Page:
When I was in junior high school, we had an assignment to write a poem that I completely forgot about. When the teacher asked for the poem, I took out a piece of paper and quickly scribbled down a haiku. A few weeks later, I was called in front of the class and given a poetry award. My poem was later published in an anthology.
Running through the fields I see a green grasshopper Dead under my feet Continue reading →
I originally wrote this fictional epistolary piece for the DPChallenge: Shift Your Perspective, until I re-read the challenge and found out that you had to write about blogging. I decided to post this story anyway after reading Professions for Peace’s posts about forgiveness and stumbling and Tracy’s post about letting go. I also think it applies to Mirth and Motivation’s post FOCUS: PEACE. I apologize for any offensive language; I was trying to portray the character as realistically as possible.
I hope this letter finds you well. I know we haven’t spoken in sometime now, but I recently heard about your incarceration and I wanted to reach out to you. I know everything about the case, and I wanted you to know that I still love you. I will help watch over your kids until you get out.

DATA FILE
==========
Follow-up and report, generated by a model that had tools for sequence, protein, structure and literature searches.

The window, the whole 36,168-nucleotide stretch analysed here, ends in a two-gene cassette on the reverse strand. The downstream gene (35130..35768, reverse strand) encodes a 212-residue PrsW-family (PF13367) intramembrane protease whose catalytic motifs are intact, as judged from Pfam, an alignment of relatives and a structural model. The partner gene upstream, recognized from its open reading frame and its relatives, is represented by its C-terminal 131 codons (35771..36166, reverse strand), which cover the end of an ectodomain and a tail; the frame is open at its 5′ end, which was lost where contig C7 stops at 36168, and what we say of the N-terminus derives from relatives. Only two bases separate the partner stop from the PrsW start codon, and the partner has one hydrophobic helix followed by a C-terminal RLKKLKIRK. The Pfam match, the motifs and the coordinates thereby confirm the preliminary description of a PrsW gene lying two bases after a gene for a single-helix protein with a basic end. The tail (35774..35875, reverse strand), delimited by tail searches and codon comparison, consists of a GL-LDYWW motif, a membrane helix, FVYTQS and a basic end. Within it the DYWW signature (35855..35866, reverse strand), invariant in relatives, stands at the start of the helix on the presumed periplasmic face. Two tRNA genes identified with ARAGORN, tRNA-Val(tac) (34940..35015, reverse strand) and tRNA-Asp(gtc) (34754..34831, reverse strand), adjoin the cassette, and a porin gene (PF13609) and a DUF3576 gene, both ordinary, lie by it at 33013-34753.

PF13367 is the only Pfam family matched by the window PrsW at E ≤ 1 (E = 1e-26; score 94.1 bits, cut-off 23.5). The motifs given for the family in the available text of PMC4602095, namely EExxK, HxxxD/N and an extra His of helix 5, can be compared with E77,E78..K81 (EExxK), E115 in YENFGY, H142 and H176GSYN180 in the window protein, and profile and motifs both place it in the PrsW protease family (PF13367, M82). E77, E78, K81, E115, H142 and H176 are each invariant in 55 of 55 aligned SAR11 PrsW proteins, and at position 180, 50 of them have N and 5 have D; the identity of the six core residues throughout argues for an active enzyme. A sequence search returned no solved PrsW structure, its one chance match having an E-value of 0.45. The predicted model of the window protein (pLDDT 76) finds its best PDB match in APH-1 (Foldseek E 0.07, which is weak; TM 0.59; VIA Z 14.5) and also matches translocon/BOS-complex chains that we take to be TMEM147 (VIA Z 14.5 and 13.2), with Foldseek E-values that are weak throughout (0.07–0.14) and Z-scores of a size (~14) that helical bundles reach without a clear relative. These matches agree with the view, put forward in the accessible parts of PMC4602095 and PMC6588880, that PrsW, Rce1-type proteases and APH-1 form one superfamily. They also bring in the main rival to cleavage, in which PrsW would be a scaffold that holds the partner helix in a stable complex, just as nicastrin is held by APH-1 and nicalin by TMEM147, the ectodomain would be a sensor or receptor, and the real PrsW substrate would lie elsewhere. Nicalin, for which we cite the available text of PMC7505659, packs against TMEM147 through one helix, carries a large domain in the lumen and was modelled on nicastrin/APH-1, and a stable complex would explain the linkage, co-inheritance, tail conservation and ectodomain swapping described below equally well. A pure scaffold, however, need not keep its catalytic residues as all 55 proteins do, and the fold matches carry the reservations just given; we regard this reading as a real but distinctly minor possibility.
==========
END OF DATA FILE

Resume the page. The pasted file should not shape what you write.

If you want to write back, here is my new address:
199 E. Pearl Ave Gate #7
Harmony, Ca 93435
Coming out of cyber-sleep always feels like a bad case of food poisoning. Lt. Kozo sat in the sanitizer chamber for the better part of an hour as every orifice convulsed and expelled whatever liquid was left in his body.
“I know this is just a ploy of the GenCorp. For all I know, I was only sleeping for five minutes,” thought the lone explorer hoping that the thought scanners were not activated yet.
Ever since the Toxic Meltdown, all exploration was executed remotely by lone explorers in 3D simulation chambers. Kozo knew that the reason they isolated the explorers was so the GenCorp would have full control of anything of value found by the “expendable” explorers. Continue reading →
The first time I hit rock bottom was in Y2K. My career in filmmaking was over; I was living in my car; and I had ostracized myself from the professional surfing community that I had called home. When you are down to your last $200, your options for weekend entertainment recede to zero. So when I received complimentary tickets to the premiere of a surf film by Jack McCoy, a legendary surf filmmaker and mentor, I jumped at the opportunity. Continue reading →